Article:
As a manger, there is a natural inclination to focus on every detail, give your input on every decision, and scrutinize your staff closely. And while these are not bad instincts, your habit of micromanaging your staff may actually be compromising their efforts and yours. Here’s why.
You Will Get More Done
Spending all your time focused on every little decision doesn’t leave many hours in the day for you to focus on your own work. If you can take a step back and trust your staff to complete their tasks and stay focused on their own work, you can focus on the responsibilities that a manager is really there for – making big-picture decisions, devising management and leadership strategies, and serving as a liaison with upper management.
Your Employees Will Be More Engaged
Micromanaging has a direct impact on employee morale. It just makes sense that an employee with a manager constantly looking over his shoulder would be less motivated, and would turn the focus of their job into meeting only your immediate expectations. Give your staff the space to work on their own and you will likely be surprised just how much they get done in a day/week/month.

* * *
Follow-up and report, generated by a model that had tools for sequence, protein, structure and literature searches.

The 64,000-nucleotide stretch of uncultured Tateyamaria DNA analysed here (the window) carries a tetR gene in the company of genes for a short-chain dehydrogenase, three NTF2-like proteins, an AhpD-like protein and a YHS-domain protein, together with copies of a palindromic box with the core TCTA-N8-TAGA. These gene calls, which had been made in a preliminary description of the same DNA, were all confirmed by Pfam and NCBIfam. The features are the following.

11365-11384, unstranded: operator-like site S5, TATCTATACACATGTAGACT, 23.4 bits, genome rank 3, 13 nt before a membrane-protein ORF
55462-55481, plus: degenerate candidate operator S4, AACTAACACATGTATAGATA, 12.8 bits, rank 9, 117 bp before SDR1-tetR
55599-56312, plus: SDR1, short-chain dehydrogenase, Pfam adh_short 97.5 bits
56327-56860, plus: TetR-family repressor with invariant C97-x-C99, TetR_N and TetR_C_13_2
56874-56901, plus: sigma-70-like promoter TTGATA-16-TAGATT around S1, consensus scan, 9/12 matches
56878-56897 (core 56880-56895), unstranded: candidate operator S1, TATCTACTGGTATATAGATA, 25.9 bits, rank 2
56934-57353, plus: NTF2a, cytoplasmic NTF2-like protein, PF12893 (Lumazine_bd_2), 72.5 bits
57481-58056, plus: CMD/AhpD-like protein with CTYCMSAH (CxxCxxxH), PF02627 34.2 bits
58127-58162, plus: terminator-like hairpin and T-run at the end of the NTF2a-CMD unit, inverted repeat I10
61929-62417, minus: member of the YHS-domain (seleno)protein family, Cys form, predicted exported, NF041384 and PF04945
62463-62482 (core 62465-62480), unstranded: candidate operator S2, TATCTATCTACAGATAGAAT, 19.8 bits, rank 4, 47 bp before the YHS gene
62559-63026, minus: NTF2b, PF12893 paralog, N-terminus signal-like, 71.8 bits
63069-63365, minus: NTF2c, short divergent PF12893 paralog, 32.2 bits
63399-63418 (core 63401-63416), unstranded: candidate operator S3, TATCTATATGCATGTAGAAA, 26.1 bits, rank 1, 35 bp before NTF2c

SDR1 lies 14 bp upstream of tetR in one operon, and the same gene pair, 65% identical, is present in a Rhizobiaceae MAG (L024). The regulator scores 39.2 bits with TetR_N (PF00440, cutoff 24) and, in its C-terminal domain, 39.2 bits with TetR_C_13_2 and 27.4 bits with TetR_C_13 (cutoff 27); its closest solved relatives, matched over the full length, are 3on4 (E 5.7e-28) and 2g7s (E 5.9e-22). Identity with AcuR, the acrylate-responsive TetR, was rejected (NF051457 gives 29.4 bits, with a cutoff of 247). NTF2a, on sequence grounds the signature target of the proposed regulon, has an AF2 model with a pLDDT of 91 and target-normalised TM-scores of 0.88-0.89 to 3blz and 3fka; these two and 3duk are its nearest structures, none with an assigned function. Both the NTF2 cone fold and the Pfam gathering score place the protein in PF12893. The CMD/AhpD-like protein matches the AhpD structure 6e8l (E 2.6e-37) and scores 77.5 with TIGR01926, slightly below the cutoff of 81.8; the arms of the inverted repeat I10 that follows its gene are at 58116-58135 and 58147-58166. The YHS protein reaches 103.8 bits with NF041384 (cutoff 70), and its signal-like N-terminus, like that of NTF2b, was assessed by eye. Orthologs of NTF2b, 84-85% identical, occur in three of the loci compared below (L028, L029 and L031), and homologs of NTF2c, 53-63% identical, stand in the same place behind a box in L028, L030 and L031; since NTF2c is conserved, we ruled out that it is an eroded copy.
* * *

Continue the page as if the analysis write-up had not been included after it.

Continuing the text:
You Will Identify the Leaders in Your Organization
When you move on to a new position and your role has to be filled, how will you know if anyone in your staff is qualified if you never give them the space to make their own decisions? When your staff has to lead each other, choose between competing options, and deal with the consequences of their mistakes, the true leaders will begin to stand out in the bunch.
You Will Improve Retention
We already mentioned the link between micromanaging and engagement. That leads directly to turnover, which forces you to begin a recruiting process that can be long, expensive, and disruptive. In almost every case it’s better to hold on to the staff you already have, and you will have more success at that if you’re not scrutinizing their every decision.
You Will Support Innovation
When you micromanage you basically create an echo chamber in which your voice and ideas are the only ones present. Giving your staff more room to collaborate and make their own decisions introduces new ideas into the conversation, and that’s always a positive. Where those ideas will lead is impossible to predict, but one of those conversations could spark your next big breakthrough.
Part of overcoming your micromanaging tendencies is leading a team that you can trust. And that requires a better recruitment strategy. Begin building your ideal team by working with the IT staffing experts at RennerBrown.